Endometriosis develops in women when endometrial tissue grows in areas outside of the uterus. Like the uterine lining, this extra-uterine tissue responds to the hormonal changes of each menstrual cycle by swelling, thickening, and possibly bleeding. However, unlike the uterine lining, which is shed off each month, this abnormal endometrial tissue remains where it is located. Eventually, this extra-uterine tissue may scar, forming an adhesion that may be painful or cause more symptoms.

The cause of endometriosis is not entirely understood. It is possible that it could be due to the reverse movement of endometrial cells as they shed from the wall of the uterus during the normal menstrual cycle, or it could be due to immune factors or to the development of endometrial tissue in abnormal sites.

What are the risk factors for endometriosis?

A number of factors increase the risk of developing endometriosis. Not all people with risk factors will develop endometriosis. Risk factors include:

  • Blocked flow of menstrual blood during the period, possibly due to a closed hymen

  • Family history of endometriosis

  • Frequent menstrual cycles

  • No history of pregnancy or breastfeeding

  • Short menstrual cycles

  • Young age at start of menstruation

Treatments

How is endometriosis treated?

Treatment for endometriosis begins with seeking medical care from your health care provider. To determine whether you have endometriosis, your health care provider will ask you to undergo a pelvic examination.

Some women with endometriosis never have any symptoms, but when symptoms do occur, there are several treatment options available. Your health care provider will determine the best treatment options for you based on your age, the severity of your symptoms, and whether or not you plan to have children.

Treatment options for endometriosis

A number of different treatment options for endometriosis are possible. The choice of treatment depends upon the severity of the condition, a woman’s desire for fertility, and the overall health and age of the patient. Options include:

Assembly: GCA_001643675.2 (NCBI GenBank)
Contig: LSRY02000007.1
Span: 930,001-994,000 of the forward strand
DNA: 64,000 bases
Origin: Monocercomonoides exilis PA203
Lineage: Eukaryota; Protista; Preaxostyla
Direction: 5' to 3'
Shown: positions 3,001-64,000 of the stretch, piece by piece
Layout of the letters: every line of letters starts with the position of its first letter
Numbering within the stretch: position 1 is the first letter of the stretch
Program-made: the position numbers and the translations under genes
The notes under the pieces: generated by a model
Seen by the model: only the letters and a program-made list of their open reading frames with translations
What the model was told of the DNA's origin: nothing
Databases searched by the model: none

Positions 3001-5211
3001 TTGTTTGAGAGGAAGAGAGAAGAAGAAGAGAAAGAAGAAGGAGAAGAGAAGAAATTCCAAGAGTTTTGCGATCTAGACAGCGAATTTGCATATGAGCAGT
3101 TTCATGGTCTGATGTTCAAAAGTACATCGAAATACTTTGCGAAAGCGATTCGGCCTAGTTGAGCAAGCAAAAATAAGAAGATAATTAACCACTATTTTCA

• Hormone medications, such as a gonadotropin-releasing hormone agonists and antagonists, oral contraceptives, or progestins to slow the growth of endometriosis and to reduce the size of endometriosis implants

  • Hysterectomy (partial or total)

  • Nonsteroidal pain medications, such as ibuprofen (Advil), acetaminophen (Tylenol), and naproxen (Aleve)

  • Surgical removal or destruction of endometriosis

  • Treatments for infertility, if indicated

What are the potential complications of endometriosis?

Infertility is the main complication of endometriosis. You can help minimize your risk of serious complications by following the treatment plan you and your health care professional design specifically for you. Complications of endometriosis include:

  • Chronic pain

  • Gastrointestinal blockage

  • Hemorrhage

  • Infertility

  • Pelvic cysts that have the potential to rupture (endometriomas)

  • Perforation of affected organ

  • Urinary blockage

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Medical Reviewer: William C. Lloyd III, MD, FACS
Last Review Date: 2018 Nov 12
  1. Endometriosis. Medline Plus, a service of the National Library of Medicine National Institutes of Health. http://www.nlm.nih.gov/medlineplus/ency/article/000915.htm.
  2. Pain management of endometriosis. ACOG American Congress of Obstetricians and Gynecologists. http://www.acog.org/About_ACOG/News_Room/News_Releases/2010/Pain_Management_of_Endometriosis.
  3. Engemise S, Gordon C, Konje JC. Endometriosis. BMJ 2010; 340:c2168.